Monday, January 1, 2018

What Economists Need from their Readers: Goodwill, Intelligence Co-operation

Those of us who write about economics can only nod knowingly at a comment from John Maynard Keynes in 1934, in a a fragment of writing that was probably part of a draft of the preface for the General Theory. He wrote:
"[A]n economic writer requires from his reader much goodwill and intelligence and a large measure of co-operation ... In economics you cannot convict your opponent of error; you can only convince him of it." 
Happy New Year. And thanks to all the regular, semi-regular, occasional, and one-time readers for your goodwill, intelligence, cooperation--and for taking a look at this blog now and then.

The quotation from Keynes appears in volume XIII of the Collected Works of John Maynard Keynes, edited by Donald Moggridge and published in 1973 (pp. 469-471). Here's a fuller quotation from the passage, both worth reading for itself, and also to give some context:
When we write economic theory, we write in a quasi-formal style; and there can be no doubt, in spite of the disadvantages, that this is our best available means of conveying our thoughts to one another. But when an economist writes in a quasi-formal style, he is composing neither a document verbally complete and exact so as to be capable of a strict legal interpretation, nor a logically complete proof. Whilst it is his duty to make his premises and his use of terms as clear as he can, he never states all his premises and his definitions are not perfectly clear-cut. He never mentions all the qualifications necessary to his conclusions. He has no means of stating, once and for all, the precise level of abstraction on which he is moving, and he does not move on the same level all the time. It is, I think, of the essential nature of economic exposition that it gives, not a complete statement, which, even if it were possible, would be prolix and complicated to the point of obscurity but a sample statement, so to speak, out of all the things which could be said, intended to suggest to the reader the whole bundle of associated ideas, so that, if he catches the bundle, he will not in the least be confused or impeded by the technical incompleteness of the mere words which the author has written down, taken by themselves.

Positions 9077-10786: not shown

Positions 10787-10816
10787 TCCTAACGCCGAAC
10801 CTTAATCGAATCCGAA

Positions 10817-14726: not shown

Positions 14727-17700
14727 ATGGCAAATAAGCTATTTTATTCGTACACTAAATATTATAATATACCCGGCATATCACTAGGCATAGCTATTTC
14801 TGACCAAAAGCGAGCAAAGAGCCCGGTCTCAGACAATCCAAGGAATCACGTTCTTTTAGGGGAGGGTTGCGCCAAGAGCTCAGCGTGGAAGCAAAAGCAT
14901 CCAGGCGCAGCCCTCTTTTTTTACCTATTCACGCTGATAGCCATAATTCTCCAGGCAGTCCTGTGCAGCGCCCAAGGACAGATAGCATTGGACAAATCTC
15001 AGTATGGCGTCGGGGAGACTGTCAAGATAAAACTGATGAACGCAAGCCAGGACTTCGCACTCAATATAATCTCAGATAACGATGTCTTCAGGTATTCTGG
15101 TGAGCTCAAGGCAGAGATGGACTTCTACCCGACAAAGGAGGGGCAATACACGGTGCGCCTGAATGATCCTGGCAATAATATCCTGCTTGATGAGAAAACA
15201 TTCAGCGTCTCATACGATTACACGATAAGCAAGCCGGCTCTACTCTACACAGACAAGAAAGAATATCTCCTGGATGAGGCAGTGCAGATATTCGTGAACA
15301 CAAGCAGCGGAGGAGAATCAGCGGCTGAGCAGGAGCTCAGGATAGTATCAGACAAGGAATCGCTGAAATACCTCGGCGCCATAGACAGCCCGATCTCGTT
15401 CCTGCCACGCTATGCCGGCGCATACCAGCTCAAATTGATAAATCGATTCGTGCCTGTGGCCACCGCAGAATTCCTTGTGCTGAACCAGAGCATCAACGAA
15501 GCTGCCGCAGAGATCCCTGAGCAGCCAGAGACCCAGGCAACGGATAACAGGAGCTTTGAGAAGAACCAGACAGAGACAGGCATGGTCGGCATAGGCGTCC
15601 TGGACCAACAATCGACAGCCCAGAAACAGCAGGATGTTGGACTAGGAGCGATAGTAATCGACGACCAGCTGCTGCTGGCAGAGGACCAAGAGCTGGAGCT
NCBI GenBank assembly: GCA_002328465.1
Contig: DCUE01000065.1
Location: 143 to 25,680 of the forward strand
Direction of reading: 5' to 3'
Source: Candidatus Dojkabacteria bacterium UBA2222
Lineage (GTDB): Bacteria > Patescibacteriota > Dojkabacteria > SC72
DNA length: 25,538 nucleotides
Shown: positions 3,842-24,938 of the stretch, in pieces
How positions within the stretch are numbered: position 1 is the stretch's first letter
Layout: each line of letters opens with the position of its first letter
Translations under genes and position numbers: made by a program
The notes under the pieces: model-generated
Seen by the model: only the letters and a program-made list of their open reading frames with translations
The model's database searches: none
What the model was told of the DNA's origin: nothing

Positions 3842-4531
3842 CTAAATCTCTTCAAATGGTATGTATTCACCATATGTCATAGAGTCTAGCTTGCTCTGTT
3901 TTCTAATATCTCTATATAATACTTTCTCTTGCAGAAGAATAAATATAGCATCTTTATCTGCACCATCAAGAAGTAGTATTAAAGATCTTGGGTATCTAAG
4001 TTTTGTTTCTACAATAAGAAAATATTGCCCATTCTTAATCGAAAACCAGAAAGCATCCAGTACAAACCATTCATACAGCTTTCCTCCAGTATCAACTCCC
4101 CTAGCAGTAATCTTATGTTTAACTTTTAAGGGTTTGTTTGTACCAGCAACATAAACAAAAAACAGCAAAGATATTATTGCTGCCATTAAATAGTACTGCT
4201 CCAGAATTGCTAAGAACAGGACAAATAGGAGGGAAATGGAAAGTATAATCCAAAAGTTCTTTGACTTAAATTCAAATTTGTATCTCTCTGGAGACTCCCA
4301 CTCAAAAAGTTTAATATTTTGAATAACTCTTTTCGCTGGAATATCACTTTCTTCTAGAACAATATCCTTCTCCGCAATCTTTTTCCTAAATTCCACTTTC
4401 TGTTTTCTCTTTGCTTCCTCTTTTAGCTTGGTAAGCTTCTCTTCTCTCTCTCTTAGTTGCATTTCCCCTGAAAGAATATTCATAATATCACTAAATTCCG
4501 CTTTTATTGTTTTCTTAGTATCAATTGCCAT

This means, on the one hand, that an economic writer requires from his reader much goodwill and intelligence and a large measure of co-operation; and, on the other hand, that there are a thousand futile, yet verbally legitimate, objections which an objector can raise. In economics you cannot convict your opponent of error; you can only convince him of it. And, even if you are right, you cannot convince him, if there is a defect in your own powers of persuasion and exposition or if his head is already so filled with contrary notions that he cannot catch the clues to your thought which are trying to throw to him. 
The results is that much criticism, which has verbal justification in what the author has written, is nevertheless altogether futile and maddeningly irritating; for it merely indicates that the minds of authors and reader have failed to meet. ....
I ask forgiveness, therefore, if I have failed in the necessary goodwill and intellectual sympathy when I criticise; and to those minds to which, for whatever reasons, my ideas do not find an easy entry, I offer the assurance in advance that they will not find it difficult, where the country to be traversed is so extensive and complicated, to discover reasons which will seem to them adequate, for refusing to follow. Time rather than controversy ... will sort out the true from the false.